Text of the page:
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NCAA’s fix is simple: Increase the stipend, let them benefit off their likeness


So Sean Miller will likely be out of a job soon and that’ll probably be the least of his worries. The NCAA is about to get all topsy turvey right before tournament time, leaving us with a 68-team field that probably features 1-seed Middle Tennessee State.

Jokes aside there’s a hard hammer that’s coming to many athletic departments around the U.S., uncovering a secret that most of us already knew: NCAA players are getting paid upfront and under the table. The collective gasp that you hear is from people who have their head in the sand and truly believe that this hasn’t been happening or are purely pretending to do so. We knew Cam Newton’s bag man existed, we knew he wasn’t the only one, we were just waiting on the day the next one got caught.

See, we’ve known Reggie Bush’s family receiving money was nothing new, we also know full well that the NCAA can’t do much outside of meaninglessly vacate wins that already happened and maybe sanction a school, giving them the Ole Miss treatment, but there’s SERIOUSLY a way we can put a stop to all of this madness. Two simple solutions could seriously curtail what students are being offered by boosters. Make no mistake: boosters will still happen and larger, more established football and basketball powerhouses will still have the leverage to pay who they wanna pay, but you can level the playing field and help out that struggling basketball player at Georgia Southern as well as the superstar at Auburn.

  1. Expand the monthly stipend that would effectively cover meals, gas money and entertainment. It’s another thing to add to the athletic budget, but guess what, these schools and the NCAA have it. The NCAA has made billions off unpaid labor for student-athletes, and it screws football and basketball players just as bad as it does Softball and Bowling. There should be one consistent stipend for each sport based on overall national revenue that any player on a scholarship, whether full or partial, should receive. This benefits students from lower income families who don’t have help from homeand players at smaller universities. If you have someone within the athletics office that can assist with budget, that’ll help them too.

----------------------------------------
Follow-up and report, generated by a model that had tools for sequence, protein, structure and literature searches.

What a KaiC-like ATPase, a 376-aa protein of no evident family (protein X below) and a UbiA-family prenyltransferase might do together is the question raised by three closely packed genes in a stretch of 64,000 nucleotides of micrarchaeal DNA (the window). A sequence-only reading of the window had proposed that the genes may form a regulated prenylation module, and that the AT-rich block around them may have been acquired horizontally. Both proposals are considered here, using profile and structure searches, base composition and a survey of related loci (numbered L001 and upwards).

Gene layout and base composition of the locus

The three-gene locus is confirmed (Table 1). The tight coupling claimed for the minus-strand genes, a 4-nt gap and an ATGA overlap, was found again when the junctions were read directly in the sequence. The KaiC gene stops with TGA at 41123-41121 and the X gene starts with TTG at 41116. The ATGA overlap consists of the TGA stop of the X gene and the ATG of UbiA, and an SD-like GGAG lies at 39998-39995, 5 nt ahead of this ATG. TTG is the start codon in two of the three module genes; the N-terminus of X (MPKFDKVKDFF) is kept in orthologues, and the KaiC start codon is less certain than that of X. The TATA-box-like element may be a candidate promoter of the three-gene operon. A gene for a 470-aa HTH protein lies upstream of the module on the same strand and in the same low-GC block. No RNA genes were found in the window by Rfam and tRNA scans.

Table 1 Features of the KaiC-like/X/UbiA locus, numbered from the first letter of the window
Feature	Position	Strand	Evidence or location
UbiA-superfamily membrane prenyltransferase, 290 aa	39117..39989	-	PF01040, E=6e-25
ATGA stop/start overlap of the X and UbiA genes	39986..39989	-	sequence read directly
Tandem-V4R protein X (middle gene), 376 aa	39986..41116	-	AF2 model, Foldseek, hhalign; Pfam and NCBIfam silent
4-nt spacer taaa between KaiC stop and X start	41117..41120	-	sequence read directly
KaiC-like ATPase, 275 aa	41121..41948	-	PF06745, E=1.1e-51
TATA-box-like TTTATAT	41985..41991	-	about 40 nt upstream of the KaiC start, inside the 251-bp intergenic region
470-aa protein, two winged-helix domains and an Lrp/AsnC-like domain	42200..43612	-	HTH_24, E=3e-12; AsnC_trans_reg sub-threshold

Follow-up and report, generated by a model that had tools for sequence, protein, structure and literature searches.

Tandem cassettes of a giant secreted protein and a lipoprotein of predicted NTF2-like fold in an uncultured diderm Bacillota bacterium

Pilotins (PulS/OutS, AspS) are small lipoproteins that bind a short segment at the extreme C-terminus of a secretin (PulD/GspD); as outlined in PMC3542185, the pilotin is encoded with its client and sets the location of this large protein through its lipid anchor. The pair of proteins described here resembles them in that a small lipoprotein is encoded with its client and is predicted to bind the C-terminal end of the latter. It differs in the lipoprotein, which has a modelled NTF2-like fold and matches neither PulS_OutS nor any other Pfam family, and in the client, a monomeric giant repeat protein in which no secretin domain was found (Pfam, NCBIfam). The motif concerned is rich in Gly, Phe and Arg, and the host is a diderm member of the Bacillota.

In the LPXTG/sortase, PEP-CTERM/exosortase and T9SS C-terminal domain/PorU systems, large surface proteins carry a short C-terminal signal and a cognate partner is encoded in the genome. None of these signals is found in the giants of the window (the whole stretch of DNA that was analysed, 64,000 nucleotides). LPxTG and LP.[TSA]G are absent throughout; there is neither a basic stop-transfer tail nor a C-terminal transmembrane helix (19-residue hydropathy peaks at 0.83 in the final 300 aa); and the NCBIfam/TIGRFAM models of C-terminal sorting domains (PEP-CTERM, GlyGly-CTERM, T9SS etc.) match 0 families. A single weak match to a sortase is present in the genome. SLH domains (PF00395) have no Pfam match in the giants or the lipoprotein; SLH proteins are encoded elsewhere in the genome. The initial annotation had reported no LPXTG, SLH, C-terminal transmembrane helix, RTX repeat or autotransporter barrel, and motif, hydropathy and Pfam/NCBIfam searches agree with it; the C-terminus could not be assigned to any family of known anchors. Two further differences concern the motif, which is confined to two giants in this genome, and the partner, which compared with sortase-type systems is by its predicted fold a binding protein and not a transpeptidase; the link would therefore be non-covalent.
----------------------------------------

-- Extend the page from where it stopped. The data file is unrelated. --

2. Allow players to make money off their likeness. There is absolutely no reason why Jalen Hurts shouldn’t have been able to get sponsorship and endorsement deals before Tua took over his job. No reason why Todd Gurley should’ve been involved in mess regarding his jersey. These players don’t get to benefit off the work they put in on and off the field, but the University and NCAA do, that’s ridiculous. What’s even wilder to me is that the people most opposed to this solution believe in the free-market and capitalism. This one is incredibly obvious to me and should have been implemented long ago. Think about it outside of football and basketball too, think about those smaller communities that rally around their softball teams, and how some of those young women have some serious local starpower. Imagine them being able to make some money off of that and put it away for the long term. Or spend it now, their choice. Imagine a guy like Darious Williams at UAB profiting off his likeness and play during The Return.

I don’t know how much we can give those players, I don’t have the numbers on hand. I may have to tap Andy Schwarz for that, but we’re seriously telling players that the “free education is enough” when it really pales in comparison to what the University and NCAA make off of them (we’re talking maybe a $100k arbitrary value vs. billions in revenue), the fact that they see none of that should strike you as odd. I’ll let Richard Sherman sum it up:

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